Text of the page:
Jane Ahlin column: A 'fast food nation' is a fat nation
A good paperback book to read this cold weekend is "Fast Food Nation." In the words of its author Eric Schlosser, it "is a book about fast food, the values it embodies, and the world it has made." From the how and why of its devel...
A good paperback book to read this cold weekend is "Fast Food Nation." In the words of its author Eric Schlosser, it "is a book about fast food, the values it embodies, and the world it has made." From the how and why of its development to the politics of agribusiness; from the world of manufactured tastes to the unabashed manipulation of children; from the plight of workers in low-skill, low-paying jobs to the global impact of American fast food franchises, the underside of cheap, convenient food that he articulates is vast and disturbing. It brings to mind an old book, "The Hidden Persuaders," written by Vance Packard in 1957 -- a book that continues to echo as a warning about the downside of advertising that manipulates us psychologically.
"Fast Food Nation" is well-footnoted and brings together information from the past decade. We've read elsewhere that eating a Big Mac with a large order of fries and large soda is downing 60 grams of fat and 1,400 calories, that a Burger King Double Whopper with cheese is 1,010 calories all by itself, or, even that the average American eats three hamburgers and four orders of french fries each and every week of the year.
The accompanying (astounding) growth of obesity in America is not news to us, either. We know that the percentage of overweight children and teenagers has tripled in the past 30 years and that the rate of obesity in the adult population increased dramatically from 12 percent in 1991 to 18 percent in 1998. Annual health care costs tied to obesity "approach $240 billion" with another "$33 billion" spent for "various weight loss schemes and diet products."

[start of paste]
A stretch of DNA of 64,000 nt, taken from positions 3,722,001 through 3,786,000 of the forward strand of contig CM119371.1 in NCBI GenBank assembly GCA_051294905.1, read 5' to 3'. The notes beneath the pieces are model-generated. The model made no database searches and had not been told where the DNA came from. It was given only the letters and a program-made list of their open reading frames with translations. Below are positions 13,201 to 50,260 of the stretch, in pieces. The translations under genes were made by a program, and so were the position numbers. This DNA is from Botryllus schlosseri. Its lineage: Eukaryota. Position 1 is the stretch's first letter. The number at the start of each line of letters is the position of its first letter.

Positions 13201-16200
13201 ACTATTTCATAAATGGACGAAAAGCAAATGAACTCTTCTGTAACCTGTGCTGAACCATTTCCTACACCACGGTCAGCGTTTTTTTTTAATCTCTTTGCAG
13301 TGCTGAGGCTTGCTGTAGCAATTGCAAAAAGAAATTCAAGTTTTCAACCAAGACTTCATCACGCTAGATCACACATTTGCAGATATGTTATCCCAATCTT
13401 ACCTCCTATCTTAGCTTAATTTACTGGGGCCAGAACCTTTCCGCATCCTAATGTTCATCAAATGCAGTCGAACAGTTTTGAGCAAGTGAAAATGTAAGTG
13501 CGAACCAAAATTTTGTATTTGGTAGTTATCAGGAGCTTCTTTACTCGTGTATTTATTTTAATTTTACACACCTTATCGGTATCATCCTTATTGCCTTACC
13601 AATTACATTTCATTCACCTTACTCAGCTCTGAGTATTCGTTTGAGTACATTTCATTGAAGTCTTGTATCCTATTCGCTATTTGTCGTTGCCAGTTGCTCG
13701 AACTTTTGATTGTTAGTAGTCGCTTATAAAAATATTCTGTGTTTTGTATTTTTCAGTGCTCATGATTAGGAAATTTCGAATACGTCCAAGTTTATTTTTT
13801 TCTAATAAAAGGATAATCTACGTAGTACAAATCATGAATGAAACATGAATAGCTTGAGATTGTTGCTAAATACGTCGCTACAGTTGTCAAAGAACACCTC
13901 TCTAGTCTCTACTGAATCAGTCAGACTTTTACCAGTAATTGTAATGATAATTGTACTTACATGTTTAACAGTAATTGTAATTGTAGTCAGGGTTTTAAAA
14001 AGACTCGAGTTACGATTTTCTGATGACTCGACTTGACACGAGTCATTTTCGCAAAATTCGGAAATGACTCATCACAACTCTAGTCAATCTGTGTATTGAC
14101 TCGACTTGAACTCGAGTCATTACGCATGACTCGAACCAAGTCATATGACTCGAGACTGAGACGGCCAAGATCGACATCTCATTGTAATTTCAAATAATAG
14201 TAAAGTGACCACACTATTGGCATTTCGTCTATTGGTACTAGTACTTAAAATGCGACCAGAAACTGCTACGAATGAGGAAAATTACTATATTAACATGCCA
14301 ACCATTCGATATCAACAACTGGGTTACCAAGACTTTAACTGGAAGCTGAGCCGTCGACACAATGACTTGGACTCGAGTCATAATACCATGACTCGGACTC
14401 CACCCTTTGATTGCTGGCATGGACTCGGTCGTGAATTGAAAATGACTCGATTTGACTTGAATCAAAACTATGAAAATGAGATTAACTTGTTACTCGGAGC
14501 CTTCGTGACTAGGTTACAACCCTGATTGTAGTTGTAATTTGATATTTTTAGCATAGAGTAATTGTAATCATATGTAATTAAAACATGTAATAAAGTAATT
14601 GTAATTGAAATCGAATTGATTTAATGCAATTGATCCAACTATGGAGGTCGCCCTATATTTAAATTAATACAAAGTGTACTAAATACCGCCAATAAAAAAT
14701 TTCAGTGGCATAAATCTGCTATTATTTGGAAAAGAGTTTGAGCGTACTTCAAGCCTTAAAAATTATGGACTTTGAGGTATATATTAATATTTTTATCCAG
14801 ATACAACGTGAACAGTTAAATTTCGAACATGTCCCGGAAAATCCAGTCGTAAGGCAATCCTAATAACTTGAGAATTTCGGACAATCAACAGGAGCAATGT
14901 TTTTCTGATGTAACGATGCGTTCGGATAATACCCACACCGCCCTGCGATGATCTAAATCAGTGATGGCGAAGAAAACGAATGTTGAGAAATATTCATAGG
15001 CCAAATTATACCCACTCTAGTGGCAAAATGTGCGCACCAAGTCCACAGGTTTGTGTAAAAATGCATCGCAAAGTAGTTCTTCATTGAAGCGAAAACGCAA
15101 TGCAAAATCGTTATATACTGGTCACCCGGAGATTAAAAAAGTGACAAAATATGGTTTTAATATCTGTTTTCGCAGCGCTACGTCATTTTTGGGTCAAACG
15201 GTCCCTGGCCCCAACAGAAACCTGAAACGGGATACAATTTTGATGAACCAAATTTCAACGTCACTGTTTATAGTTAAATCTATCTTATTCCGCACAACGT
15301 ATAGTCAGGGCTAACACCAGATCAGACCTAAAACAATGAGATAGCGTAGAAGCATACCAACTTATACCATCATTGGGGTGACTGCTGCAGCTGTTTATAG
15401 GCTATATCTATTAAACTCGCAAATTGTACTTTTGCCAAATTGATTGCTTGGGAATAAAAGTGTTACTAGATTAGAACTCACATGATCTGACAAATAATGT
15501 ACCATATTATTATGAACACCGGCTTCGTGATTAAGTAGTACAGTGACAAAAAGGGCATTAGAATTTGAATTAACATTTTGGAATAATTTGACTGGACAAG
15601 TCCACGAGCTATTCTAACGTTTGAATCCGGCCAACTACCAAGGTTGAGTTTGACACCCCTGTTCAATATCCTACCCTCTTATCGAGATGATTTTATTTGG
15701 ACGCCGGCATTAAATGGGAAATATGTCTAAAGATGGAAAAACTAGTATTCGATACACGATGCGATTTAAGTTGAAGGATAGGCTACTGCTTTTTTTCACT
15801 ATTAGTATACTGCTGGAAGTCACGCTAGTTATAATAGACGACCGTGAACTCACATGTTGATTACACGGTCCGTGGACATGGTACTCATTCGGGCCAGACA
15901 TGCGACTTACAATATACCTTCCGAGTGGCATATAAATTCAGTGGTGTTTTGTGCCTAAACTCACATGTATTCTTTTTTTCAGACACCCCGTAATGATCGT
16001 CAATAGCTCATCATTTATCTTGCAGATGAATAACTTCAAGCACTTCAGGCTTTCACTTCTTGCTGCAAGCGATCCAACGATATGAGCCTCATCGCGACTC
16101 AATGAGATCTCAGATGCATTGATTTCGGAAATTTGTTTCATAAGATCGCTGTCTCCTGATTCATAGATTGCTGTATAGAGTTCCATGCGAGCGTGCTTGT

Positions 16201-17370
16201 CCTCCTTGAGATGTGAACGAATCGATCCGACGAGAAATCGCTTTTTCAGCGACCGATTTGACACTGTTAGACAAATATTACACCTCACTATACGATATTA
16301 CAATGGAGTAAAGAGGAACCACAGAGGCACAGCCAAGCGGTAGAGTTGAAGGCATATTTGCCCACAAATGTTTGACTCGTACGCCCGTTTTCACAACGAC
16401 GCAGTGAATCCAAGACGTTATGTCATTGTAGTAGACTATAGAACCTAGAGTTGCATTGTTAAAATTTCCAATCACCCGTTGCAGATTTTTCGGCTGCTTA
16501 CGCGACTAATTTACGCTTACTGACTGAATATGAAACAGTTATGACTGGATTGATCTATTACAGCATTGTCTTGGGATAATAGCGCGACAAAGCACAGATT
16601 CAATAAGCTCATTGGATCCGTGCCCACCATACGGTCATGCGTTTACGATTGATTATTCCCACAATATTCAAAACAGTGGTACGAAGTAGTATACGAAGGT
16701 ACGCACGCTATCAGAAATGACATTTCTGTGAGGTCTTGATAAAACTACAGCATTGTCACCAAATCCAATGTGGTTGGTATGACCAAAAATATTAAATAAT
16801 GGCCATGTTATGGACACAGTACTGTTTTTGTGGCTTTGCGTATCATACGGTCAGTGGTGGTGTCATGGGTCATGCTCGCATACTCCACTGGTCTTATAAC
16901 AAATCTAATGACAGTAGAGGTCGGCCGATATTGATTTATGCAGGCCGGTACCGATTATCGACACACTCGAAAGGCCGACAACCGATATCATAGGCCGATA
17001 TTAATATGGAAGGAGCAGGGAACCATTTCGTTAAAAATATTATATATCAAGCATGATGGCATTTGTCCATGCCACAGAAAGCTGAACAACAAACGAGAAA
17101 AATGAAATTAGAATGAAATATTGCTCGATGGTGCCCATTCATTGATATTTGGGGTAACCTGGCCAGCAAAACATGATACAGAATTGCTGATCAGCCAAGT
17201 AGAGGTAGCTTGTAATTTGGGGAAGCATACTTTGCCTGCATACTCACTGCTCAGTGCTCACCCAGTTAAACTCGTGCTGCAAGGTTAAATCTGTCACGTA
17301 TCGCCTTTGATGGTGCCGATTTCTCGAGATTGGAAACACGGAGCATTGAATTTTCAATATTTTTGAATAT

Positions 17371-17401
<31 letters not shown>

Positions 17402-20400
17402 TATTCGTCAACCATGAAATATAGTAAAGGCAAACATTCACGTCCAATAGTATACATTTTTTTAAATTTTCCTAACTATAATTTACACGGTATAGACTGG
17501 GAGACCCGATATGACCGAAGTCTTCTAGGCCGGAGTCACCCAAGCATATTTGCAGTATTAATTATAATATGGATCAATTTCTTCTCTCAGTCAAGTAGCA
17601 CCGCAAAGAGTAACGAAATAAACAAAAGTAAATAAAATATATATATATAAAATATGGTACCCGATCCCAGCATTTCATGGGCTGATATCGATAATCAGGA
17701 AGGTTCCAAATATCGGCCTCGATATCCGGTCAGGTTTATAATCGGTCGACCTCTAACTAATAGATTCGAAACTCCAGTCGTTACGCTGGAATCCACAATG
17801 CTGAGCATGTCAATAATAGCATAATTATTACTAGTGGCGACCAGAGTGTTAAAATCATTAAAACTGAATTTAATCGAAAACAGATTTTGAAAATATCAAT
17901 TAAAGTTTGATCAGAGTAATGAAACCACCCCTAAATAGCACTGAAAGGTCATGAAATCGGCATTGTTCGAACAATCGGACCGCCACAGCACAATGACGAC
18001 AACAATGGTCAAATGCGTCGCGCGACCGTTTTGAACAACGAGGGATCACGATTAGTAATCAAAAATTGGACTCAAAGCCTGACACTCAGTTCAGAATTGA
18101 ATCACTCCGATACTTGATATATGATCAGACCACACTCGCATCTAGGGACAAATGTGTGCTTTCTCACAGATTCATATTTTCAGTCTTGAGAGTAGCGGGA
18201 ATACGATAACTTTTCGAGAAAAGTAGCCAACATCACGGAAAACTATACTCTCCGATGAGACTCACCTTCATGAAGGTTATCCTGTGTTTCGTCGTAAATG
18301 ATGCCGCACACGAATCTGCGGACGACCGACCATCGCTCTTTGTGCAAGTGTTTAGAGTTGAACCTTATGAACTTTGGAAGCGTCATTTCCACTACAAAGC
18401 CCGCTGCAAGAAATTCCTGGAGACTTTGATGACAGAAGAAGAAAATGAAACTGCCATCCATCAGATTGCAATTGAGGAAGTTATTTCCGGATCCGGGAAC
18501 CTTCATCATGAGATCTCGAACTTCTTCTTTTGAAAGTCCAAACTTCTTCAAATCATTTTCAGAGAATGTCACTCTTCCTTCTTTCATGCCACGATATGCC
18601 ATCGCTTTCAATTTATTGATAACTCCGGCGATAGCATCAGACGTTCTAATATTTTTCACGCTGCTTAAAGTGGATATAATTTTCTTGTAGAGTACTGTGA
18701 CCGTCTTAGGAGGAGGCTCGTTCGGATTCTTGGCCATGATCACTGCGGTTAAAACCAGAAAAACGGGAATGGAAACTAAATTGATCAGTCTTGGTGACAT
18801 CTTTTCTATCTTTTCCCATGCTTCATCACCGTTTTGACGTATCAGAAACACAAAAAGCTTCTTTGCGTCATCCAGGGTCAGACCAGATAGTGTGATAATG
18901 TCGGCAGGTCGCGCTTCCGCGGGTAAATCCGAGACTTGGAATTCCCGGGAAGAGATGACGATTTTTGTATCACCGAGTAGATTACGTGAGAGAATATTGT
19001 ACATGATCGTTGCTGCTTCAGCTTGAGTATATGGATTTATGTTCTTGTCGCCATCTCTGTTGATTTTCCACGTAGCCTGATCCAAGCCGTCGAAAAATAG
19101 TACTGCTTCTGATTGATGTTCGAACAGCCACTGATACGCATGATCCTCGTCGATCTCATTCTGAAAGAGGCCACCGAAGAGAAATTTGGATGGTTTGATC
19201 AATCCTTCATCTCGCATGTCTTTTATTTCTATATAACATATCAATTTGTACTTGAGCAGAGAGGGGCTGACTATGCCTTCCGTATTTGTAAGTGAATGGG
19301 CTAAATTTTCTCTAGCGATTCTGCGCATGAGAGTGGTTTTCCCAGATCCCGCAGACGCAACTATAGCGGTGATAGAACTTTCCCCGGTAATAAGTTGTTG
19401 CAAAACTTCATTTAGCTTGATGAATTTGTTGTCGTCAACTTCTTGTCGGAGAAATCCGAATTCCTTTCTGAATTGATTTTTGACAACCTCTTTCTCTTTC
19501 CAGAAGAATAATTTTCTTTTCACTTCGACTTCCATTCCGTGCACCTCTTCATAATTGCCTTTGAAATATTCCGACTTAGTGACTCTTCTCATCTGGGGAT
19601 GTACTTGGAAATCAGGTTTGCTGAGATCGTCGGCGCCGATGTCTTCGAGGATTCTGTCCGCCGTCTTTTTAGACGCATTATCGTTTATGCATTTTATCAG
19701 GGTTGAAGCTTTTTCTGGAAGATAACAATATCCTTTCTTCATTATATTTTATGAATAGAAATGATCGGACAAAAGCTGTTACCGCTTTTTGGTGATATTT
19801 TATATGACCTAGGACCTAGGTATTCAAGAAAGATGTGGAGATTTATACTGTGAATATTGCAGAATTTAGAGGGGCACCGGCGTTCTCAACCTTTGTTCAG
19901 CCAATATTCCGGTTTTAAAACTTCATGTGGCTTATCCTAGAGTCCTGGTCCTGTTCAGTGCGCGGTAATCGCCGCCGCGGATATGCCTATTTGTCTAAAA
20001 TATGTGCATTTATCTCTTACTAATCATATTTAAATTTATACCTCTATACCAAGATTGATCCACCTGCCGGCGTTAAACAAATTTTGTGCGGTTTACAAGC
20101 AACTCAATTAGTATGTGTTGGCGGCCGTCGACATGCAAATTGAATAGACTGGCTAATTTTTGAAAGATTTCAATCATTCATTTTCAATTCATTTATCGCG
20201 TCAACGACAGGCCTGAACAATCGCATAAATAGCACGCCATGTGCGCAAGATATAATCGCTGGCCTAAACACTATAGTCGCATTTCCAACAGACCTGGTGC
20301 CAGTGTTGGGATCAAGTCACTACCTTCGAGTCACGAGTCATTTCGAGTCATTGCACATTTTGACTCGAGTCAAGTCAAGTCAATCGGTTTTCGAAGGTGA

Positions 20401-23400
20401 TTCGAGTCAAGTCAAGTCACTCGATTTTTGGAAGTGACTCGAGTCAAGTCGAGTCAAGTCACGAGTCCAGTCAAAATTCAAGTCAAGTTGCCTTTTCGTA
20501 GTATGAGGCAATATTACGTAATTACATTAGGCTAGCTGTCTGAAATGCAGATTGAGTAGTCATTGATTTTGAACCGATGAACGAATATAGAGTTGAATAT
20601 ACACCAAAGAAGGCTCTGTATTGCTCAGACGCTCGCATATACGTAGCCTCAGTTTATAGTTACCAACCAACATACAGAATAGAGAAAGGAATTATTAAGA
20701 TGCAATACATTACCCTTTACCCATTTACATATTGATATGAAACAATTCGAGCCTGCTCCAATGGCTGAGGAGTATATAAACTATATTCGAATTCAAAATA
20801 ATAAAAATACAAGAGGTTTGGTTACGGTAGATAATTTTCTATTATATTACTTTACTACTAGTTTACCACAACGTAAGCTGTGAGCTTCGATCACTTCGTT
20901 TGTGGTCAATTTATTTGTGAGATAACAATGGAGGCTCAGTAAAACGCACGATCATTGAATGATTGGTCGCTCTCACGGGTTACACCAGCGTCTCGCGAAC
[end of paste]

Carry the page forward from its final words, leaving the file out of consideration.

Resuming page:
Schlosser mentions Japan, where obesity was an oddity until American fast food hit their shores, and says, "Between 1984 and 1993 the number of fast food restaurants in Great Britain roughly doubled -- and so did the obesity rate among adults." Schlosser takes the story further, explaining how flavorings (scientifically created) and fat (fast food's mainstay) are fast food's magic ingredients. He also ties fast food "kiddie meals" to the double whammy of marketing to children while developing their taste for the fats in fast food before they even talk in complete sentences. (But his book predates the push for tobacco-industry-type lawsuits against fast food purveyors).
Schlosser's facts about the profit margin on potatoes isn't news in farm country where it comes as no surprise that of every $1.50 charged for french fries, only two cents goes to the farmer. (And don't read his discussion of the meatpacking industry and ecoli and salmonella if you have a queasy stomach).
And yet, the overall impact of Schlosser's book is that it ties our national gastronomy to a mindset recognized almost half a century ago by people like pop sociologist Vance Packard. In short, selling us psychologically appealing and comforting food makes us sluggish and unhealthy. We buy into uniformity that ultimately isn't good for us. For Schlosser, it's America's "bland essence" typified by the integration of Disney and McDonalds for "the Happy Meal at the Happiest Place on Earth." For him, it's watching every aspect of American life -- including many schools -- succumb to corporate sponsorships (tying consumerism to virtue).
His final wish is that the "new century may bring impatience with conformity ... more compassion, less speed ... a sense of humor about brand essences and loyalties ..."
Now, that's food for thought.
Ahlin teaches English as an adjunct faculty member at Minnesota State University Moorhead and is a regular contributor to The Forum's commentary pages.